It shows that gender diversity is having a significant effect on the way investors are voting. Not only are they placing greater emphasis on boardroom diversity but they are voting on the basis of how diverse companies are.
The survey – of 59 IA members who between them manage more than £5.6trn of assets in the UK – found that four in 10 (42%) asset managers had made a voting decision in 2018 based on the company’s gender diversity and over half (56%) had actively engaged with companies about their gender diversity policies.
“Investors clearly want to see more women in the boardroom and senior management positions,” said IA chief executive Chris Cummings. “Our study show that companies which are lagging behind on gender diversity should expect investors to take action if they do not see progress.”
He said that initiatives like the Hampton-Alexander Review had emphasised the importance of having greater diversity at the top of UK companies.
“The fact that 40% of asset managers took a voting decision based on gender diversity shows that they are reflecting those concerns when it comes to engaging with companies and voting at their agms,” he warned.
“Companies should expect greater scrutiny on diversity issues in the future, and should be acting now to address the imbalances they have at the top.”
Last week, the latest report from the Hampton-Alexander Review revealed that while the number of women on FTSE 100 boards has finally broken through the 30% barrier and is on course to meet the target of 33% of all board level positions by 2020, this was not reflected among FTSE 350 companies.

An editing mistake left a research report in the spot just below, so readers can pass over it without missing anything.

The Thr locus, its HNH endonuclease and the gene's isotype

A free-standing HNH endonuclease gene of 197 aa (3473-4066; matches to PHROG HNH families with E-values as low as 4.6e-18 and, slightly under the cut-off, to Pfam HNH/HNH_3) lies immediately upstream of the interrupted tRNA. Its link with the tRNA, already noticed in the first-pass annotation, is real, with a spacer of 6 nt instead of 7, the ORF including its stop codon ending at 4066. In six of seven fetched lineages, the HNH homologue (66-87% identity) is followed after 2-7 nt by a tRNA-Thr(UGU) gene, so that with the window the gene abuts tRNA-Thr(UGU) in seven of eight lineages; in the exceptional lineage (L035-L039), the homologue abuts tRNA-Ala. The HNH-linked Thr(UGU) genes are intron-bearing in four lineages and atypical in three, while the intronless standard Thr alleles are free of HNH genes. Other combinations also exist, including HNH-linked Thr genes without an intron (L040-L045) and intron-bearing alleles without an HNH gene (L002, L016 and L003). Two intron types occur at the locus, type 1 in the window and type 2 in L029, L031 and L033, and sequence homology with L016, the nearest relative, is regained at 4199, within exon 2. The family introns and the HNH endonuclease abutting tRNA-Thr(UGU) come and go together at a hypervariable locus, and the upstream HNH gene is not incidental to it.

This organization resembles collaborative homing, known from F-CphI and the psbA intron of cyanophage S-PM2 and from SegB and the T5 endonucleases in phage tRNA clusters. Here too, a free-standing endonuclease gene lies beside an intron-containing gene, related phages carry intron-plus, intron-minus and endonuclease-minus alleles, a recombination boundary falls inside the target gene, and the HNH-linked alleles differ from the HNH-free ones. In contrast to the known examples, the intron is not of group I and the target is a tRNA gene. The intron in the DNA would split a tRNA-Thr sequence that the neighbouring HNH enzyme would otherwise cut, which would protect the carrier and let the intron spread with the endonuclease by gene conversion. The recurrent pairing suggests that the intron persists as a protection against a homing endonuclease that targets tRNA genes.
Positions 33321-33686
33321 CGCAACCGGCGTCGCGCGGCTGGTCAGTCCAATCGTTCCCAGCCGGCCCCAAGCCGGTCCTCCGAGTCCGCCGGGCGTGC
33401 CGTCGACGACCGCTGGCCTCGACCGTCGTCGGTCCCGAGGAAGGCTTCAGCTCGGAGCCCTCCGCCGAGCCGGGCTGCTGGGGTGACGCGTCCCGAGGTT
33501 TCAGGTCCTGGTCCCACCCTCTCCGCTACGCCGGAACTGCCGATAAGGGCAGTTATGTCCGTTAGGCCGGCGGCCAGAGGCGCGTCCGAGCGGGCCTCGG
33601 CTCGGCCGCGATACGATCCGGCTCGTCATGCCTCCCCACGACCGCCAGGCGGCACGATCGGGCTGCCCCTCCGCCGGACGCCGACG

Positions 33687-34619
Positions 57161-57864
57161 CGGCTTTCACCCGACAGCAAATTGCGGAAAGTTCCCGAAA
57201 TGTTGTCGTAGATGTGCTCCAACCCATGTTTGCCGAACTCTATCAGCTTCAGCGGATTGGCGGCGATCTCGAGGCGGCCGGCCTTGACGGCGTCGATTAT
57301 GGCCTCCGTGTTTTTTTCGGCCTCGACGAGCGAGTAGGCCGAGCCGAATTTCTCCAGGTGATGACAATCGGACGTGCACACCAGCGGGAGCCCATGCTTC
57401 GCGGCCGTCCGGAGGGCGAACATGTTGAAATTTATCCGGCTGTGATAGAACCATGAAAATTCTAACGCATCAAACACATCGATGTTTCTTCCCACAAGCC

Almost one in four has just one woman on the board and four of them still have all male boards. “It is time to call out the 75 at ‘one & done’ boards that are dragging overall progress downwards,” the report says.
“The 33% target is a collective effort and it is incumbent on every FTSE 350 listed company to play their part. Get with the new norm – today one woman at the table is little different to none.”
The survey also reveals that investor engagement is growing: more than 7,000 individual engagements with UK companies took place in the six months to end June, with asset managers averaging 158 engagements each.
More than three quarters (80%) believe that engagement leads to better investment decisions and the average firm has 33 staff, comprising portfolio managers, analysts and stewardship specialists, working in its engagement and stewardship activities. Nine out of 10 asset managers use these in-house resources to engage with companies.
Cummings said that the findings showed that the industry was taking its stewardship seriously.